Huntsville doesn't expect profit from $50 million amphitheater coming to MidCity

Construction should start next year.

Posted: Oct 4, 2019 10:46 PM
Updated: Oct 4, 2019 10:59 PM

The city of Huntsville does not expect a return on investment when a new $50 million amphitheater is built.

The public venue will be located in Huntsville's MidCity development along University Drive and Research Park Boulevard.

By 2021, the almost 9,000-seat venue will open. The city doesn't expect the amphitheater to turn a profit. The city's Von Braun Center does not turn a profit either.

City officials say these are not-for-profit venues, and their purpose is to provide entertainment for the community.

A Huntsville city administrator, John Hamilton, says one of the biggest investments the city is making will most likely not pay for itself.

"Is there a point within the future where it becomes fully self-sufficient and covers all of those costs? Potentially, but generally speaking, these kinds of venues aren't expected to," he said.

Taxpayer money will help pay for the $50 million amphitheater. Of that, $40 million will just be on construction.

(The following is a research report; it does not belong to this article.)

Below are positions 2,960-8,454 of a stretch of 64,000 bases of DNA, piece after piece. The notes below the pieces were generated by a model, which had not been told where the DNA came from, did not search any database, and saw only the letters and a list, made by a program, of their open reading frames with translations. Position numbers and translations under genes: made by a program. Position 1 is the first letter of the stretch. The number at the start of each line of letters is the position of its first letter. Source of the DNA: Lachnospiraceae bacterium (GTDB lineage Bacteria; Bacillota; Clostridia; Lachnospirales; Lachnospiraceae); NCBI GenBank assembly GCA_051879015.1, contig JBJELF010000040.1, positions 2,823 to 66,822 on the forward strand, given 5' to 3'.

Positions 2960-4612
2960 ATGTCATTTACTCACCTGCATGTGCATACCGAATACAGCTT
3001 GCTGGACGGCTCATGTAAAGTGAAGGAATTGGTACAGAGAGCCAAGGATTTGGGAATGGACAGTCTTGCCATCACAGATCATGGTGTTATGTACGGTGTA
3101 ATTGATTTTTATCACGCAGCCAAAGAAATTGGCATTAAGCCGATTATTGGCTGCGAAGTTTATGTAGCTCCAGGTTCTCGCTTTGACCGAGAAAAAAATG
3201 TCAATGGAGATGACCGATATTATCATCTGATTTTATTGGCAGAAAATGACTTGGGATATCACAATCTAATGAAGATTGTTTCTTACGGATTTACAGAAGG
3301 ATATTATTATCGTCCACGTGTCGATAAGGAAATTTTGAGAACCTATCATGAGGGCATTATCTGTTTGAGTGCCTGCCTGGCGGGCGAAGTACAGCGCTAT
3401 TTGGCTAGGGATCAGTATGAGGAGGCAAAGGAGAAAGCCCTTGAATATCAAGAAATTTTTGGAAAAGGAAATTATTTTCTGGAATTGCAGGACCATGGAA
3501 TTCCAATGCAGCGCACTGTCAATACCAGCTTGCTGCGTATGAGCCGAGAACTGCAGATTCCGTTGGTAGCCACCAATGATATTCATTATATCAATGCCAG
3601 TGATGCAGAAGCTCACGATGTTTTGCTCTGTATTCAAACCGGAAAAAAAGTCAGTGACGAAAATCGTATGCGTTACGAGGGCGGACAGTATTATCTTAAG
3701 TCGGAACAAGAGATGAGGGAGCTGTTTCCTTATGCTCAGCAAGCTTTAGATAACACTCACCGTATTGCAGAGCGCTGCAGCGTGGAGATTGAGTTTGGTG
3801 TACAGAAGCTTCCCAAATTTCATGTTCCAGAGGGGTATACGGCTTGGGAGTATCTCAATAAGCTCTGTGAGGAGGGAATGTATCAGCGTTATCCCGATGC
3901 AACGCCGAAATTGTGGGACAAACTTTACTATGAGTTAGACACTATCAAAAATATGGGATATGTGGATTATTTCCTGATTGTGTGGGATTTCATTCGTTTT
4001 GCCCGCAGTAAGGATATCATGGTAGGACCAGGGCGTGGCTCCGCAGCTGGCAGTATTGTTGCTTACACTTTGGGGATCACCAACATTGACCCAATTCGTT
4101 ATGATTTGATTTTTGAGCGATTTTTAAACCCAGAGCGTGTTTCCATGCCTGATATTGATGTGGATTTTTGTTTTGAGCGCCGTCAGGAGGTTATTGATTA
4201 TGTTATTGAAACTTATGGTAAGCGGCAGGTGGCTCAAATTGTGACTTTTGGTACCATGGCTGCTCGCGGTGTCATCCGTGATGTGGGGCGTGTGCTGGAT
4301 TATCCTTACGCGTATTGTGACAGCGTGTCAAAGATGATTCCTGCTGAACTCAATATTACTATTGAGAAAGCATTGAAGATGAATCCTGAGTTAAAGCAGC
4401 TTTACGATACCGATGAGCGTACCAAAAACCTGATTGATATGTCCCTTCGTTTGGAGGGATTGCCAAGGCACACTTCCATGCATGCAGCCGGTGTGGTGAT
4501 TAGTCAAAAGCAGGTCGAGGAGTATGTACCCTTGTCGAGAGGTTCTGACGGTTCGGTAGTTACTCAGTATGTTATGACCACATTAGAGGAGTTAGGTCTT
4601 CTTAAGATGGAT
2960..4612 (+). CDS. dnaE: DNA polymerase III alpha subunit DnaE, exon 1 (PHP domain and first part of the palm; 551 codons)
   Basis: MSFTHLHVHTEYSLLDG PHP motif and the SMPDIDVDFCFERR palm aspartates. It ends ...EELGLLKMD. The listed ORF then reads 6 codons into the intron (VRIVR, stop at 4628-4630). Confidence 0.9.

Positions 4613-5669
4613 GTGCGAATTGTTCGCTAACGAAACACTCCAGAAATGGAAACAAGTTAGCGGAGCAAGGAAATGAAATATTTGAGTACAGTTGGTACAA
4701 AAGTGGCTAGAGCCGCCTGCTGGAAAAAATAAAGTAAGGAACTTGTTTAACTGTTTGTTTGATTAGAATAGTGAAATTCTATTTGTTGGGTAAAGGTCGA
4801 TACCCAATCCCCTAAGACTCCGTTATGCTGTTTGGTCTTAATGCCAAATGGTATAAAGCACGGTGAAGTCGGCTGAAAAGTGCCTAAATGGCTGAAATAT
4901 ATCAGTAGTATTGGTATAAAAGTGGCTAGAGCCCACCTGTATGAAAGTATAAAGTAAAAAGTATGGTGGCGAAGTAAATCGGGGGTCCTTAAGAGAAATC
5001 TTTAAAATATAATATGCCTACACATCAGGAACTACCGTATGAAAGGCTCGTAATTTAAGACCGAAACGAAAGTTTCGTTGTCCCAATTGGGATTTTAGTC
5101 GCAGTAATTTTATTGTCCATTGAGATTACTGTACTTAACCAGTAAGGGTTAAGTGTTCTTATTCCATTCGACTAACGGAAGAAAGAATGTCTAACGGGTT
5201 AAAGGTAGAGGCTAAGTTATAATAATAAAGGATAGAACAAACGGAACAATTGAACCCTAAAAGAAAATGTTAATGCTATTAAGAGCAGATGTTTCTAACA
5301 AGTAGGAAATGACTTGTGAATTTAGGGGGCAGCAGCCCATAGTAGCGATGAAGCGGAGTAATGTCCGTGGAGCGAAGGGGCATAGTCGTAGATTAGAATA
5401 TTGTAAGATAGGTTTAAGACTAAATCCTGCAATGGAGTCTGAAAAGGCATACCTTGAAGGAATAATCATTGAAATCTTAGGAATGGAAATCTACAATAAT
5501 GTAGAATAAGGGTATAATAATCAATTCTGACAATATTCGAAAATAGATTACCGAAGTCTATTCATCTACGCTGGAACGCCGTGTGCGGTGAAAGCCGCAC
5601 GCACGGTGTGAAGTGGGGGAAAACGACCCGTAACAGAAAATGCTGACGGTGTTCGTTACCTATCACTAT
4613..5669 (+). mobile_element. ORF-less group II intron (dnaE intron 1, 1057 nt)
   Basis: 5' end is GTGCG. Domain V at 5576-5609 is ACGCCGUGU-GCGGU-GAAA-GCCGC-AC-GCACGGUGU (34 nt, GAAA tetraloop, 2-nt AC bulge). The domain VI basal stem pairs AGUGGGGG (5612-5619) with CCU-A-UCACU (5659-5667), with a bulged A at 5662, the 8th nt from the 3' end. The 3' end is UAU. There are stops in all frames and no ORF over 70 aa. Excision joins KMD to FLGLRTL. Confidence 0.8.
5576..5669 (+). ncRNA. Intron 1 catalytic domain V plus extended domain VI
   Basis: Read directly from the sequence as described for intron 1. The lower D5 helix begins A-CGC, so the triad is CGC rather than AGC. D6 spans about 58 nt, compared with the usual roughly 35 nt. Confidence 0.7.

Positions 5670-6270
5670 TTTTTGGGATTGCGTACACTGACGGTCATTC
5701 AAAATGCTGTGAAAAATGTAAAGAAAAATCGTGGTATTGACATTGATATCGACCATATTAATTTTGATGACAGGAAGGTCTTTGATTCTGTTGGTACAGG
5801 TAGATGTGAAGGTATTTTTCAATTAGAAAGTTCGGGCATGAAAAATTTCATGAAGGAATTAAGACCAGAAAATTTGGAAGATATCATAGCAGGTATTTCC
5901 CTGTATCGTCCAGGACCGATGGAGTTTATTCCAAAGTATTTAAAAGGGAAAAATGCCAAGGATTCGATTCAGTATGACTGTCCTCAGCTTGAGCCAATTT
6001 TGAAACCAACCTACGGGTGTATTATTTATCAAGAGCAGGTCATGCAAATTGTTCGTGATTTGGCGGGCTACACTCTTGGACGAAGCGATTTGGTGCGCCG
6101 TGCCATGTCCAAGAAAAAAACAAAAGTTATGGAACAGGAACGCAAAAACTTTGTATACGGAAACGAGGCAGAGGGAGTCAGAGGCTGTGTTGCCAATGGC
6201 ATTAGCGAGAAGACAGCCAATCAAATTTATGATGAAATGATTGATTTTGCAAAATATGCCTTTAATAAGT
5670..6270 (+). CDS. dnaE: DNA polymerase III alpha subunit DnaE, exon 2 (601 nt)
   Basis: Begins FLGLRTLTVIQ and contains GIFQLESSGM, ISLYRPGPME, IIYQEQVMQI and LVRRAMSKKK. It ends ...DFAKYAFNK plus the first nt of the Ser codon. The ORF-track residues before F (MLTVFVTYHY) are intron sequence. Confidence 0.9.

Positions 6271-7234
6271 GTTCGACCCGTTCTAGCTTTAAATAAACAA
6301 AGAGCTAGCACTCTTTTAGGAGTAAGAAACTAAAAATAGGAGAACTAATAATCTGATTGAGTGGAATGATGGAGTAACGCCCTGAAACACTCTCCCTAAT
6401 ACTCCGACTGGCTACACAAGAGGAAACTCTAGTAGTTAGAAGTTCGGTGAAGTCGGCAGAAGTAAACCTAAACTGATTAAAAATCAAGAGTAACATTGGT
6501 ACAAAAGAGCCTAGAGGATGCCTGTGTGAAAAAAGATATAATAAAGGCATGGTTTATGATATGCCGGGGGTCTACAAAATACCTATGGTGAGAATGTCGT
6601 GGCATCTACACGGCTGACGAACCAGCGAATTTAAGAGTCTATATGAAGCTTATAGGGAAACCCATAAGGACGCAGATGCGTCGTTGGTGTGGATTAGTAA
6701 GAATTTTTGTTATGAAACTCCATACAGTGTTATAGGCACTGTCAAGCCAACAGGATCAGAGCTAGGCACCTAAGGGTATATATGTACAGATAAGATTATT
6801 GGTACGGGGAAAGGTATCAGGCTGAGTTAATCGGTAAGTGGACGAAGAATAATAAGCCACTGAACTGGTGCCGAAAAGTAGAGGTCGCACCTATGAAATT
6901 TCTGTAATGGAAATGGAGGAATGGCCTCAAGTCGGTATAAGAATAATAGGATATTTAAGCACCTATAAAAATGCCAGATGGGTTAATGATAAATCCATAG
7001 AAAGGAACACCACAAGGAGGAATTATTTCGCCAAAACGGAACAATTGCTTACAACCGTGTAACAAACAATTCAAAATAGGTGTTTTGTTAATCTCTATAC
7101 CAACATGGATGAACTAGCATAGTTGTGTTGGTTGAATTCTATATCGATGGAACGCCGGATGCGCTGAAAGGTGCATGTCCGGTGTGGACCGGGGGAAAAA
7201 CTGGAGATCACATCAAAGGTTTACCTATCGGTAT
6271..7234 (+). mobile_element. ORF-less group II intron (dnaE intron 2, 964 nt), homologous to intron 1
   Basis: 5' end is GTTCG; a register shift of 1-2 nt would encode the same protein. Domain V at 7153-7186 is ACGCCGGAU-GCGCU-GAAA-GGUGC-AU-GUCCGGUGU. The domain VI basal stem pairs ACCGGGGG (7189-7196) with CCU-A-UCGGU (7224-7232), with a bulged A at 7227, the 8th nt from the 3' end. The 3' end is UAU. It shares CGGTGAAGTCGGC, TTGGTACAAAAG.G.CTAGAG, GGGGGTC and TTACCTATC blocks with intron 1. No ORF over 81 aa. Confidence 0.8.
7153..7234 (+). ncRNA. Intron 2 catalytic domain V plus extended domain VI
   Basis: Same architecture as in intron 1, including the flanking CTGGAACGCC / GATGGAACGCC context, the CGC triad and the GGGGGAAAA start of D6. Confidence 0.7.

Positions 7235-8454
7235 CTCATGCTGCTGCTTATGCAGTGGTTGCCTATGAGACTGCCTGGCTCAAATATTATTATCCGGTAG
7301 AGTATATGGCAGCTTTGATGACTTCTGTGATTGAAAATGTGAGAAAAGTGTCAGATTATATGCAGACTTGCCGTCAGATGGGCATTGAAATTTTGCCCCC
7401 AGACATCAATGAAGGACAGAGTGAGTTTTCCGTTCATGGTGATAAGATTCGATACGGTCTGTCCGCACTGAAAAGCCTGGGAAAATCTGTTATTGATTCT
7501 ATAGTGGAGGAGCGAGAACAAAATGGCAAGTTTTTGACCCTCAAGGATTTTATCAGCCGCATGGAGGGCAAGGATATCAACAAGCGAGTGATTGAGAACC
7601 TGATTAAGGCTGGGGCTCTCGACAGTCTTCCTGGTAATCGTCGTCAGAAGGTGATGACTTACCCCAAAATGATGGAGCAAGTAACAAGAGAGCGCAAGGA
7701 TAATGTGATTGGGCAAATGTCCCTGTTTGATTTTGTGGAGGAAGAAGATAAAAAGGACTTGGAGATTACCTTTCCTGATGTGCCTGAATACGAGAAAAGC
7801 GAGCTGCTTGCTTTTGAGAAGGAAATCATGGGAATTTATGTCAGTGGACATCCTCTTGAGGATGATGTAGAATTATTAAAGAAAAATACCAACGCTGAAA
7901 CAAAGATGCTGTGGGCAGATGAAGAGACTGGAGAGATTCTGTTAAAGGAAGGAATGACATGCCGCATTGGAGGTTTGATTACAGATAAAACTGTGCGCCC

Hamilton says things like parking and tickets will help cut some of the cost, but not all.

"We certainly expect it to cover some, but the VBC does not cover all of its own costs, but can you imagine Huntsville without the VBC?" he said.

WAAY 31 did some research on the history of the Von Braun Center and there are some similarities. The city says in 1975, it cost $15 million to build, which would translate to almost $71 million today.

The city says the center is still not self-sufficient and has plenty of costs. They expect the amphitheater to be in the same situation.

Hamilton says it's not always about having a profitable venue because the amphitheater is a "quality of life" investment that will ideally attract more people to the area.

One Madison County resident says it adds more diversity of entertainment in the city.

"But, I think it gives us options, and regardless, I think it's good for the economy," Barbara Winslow, who lives in Madison County, said.

Right now, Hamilton said the city is still in the design phase of things.

"Ultimately, your community gains a lot from it that's not necessarily measured in dollars and cents," he said.

After that, the city will look to hire a private operator that will bring in concerts and talent to the venue. Construction should start next year.

45° wxIcon
Hi: 74° Lo: 47°
Feels Like: 45°
42° wxIcon
Hi: 75° Lo: 39°
Feels Like: 42°
38° wxIcon
Hi: 73° Lo: 42°
Feels Like: 38°
38° wxIcon
Hi: 74° Lo: 42°
Feels Like: 38°
Partly Cloudy
36° wxIcon
Hi: 72° Lo: 45°
Feels Like: 36°
WAAY Radar
WAAY Temperatures


Community Events